Homelessness is a Palliative Condition, Unless…

Western University
September 25, 2018

In this bi-weekly blog series, I explore recent research on homelessness, and what it means for the provision of services to prevent or end homelessness. Read the first blog here


At times I feel a bit dismayed when reading another descriptive research article on people experiencing homelessness. Perhaps another article on rates of mental illness among shelter occupants, maybe one on the unmet support needs of homeless families, maybe it’s the correlation between intimate partner violence and women experiencing homelessness. The ones that are the hardest to see are those on life expectancy, average age of death, or survival rates of those experiencing chronic homelessness. We know the numbers will be bad, so do we need another description of these numbers? Or do we need more intervention research that helps people find home?

Because, ultimately, homelessness is a palliative condition unless treated with housing.

This is illustrated in a recent article by Amanda Stafford and Lisa Wood out of Perth, Western Australia. The article opens with the same discouraging statistics that we see worldwide on high morbidity, barriers to health care, high use of emergency services, and poor life expectancy. At the same time, Stafford and Wood confront and contest the natural response to these statistics: provide people experiencing homelessness with more healthcare services. They query that perhaps this medical model approach is too short-sighted and downstream?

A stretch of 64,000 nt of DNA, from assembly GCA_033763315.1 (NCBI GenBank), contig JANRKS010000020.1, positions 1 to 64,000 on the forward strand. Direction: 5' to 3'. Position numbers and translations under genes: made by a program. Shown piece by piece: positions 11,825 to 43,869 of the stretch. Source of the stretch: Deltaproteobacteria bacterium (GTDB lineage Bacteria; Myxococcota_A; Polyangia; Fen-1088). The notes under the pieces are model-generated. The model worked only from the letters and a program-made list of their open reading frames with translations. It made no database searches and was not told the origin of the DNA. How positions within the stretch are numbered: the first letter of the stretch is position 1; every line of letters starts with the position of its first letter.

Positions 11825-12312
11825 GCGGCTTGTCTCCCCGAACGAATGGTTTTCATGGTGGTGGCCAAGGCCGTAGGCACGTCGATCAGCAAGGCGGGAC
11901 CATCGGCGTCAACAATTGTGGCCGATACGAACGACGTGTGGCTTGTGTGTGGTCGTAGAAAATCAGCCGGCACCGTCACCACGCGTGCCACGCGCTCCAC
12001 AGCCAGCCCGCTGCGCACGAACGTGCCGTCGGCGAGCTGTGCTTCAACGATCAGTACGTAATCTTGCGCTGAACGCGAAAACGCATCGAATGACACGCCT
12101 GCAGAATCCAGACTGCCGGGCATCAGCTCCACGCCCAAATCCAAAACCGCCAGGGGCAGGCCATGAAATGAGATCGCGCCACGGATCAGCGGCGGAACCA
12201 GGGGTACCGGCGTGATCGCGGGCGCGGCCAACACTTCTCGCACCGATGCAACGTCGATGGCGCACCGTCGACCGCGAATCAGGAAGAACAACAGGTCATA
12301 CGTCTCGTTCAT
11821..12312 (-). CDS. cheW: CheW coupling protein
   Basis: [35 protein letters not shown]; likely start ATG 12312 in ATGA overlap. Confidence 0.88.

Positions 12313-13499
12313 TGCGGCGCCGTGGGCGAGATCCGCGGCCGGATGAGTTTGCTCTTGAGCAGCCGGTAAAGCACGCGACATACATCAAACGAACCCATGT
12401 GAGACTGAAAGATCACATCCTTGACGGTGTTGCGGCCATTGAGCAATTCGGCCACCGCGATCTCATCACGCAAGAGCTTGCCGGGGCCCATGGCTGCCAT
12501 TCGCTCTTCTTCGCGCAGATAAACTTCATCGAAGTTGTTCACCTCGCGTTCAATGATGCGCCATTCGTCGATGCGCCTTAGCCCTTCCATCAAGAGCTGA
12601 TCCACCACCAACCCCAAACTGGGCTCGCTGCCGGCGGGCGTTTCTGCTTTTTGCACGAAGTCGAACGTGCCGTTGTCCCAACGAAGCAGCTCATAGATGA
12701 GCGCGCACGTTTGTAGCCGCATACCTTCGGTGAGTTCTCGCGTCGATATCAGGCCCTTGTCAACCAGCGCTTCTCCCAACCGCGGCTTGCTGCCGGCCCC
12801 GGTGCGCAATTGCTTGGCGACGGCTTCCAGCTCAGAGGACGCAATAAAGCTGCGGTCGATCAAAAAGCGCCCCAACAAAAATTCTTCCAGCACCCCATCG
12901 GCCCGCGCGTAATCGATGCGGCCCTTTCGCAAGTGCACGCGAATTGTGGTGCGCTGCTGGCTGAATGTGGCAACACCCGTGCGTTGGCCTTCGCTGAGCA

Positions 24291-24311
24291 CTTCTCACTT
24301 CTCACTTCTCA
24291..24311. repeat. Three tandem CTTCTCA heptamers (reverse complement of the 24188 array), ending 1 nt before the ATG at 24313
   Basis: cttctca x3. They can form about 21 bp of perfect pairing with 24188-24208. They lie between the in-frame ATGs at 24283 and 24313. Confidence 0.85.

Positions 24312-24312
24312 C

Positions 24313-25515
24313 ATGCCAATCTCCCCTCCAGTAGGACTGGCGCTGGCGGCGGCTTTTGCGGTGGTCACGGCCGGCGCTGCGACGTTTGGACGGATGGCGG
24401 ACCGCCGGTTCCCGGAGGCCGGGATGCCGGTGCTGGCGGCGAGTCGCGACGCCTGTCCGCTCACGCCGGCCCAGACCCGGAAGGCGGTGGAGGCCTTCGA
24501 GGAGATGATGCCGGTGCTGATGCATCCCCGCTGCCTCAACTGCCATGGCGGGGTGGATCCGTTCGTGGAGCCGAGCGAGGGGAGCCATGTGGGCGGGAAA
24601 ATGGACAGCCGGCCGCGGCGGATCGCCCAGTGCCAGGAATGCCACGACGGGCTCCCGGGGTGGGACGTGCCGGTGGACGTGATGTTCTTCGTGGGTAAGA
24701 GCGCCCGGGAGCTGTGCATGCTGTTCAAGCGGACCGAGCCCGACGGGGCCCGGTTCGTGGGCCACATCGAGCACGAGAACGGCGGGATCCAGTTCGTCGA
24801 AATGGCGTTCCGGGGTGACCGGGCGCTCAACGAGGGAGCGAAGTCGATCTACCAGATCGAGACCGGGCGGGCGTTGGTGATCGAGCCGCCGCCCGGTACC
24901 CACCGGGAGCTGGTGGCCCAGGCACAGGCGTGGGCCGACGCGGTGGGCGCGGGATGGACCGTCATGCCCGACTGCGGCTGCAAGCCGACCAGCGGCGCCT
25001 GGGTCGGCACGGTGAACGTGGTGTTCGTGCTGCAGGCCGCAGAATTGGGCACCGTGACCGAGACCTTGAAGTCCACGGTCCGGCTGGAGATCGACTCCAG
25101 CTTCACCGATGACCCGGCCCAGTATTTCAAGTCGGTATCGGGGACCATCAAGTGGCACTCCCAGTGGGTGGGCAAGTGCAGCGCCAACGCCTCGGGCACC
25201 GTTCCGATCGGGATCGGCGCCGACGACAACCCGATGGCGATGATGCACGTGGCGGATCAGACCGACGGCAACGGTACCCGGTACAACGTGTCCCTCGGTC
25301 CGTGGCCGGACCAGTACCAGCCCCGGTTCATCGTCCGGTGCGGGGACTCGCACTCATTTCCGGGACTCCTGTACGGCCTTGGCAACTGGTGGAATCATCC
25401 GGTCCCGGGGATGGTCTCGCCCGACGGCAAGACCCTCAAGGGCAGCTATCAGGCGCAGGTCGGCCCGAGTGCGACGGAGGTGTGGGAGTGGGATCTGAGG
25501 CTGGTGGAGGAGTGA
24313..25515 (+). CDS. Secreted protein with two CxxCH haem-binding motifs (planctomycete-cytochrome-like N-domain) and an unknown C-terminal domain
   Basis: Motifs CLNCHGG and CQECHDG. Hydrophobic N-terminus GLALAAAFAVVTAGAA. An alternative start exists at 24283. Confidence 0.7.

To answer the question, then, of how to respond to the poor health outcomes of people experiencing homelessness, they present three in-depth case histories of two men and one woman accessing primary care and housing support. The case histories include not just detailed health and social histories, but also service utilization and cost estimates. All three individuals scored a 14 on the VI-SPDAT (a high acuity score on this measure of acuity) and utilized an average of $100,000 of health care services.

Three clear lessons are presented through these cases:

  1. There is a low degree of effectiveness in treating the health needs of people experiencing homelessness then simply sending them back to the conditions that compromise their health.
  2. While current health services are a valuable use of money in terms of preserving life, a more comprehensive approach would involve funding better access to housing with appropriate supports, thus mitigating downstream costs of homelessness and providing enhanced quality of life.
  3. The personal stories of experiences of homelessness demonstrate how social policy and social conditions create risks of homelessness, at times in contrast to public perceptions of homelessness being simply an individual experience. 

While the case study methodology involves an intentionally small sample, the story is very clear. Medicine is an insufficient response to the health needs of homelessness and must go hand in hand with enhanced public policy and social programs to ensure access to affordable housing with adequate supports. This is the treatment needed to reverse the palliative nature of homelessness.

Dr. Abe Oudshoorn is an Assistant Professor in the Arthur Labatt Family School of Nursing at Western University.  Having worked as a nurse with people experiencing homelessness, Abe’s research focuses on health, homelessness prevention, mental health, and poverty.  Outside of the University, Abe is on the Steering Committee of the London Homeless Coalition and is a board member with the United Way of London & Middlesex.

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The analysis and interpretations contained in the blog posts are those of the individual contributors and do not necessarily represent the views of the Canadian Observatory on Homelessness.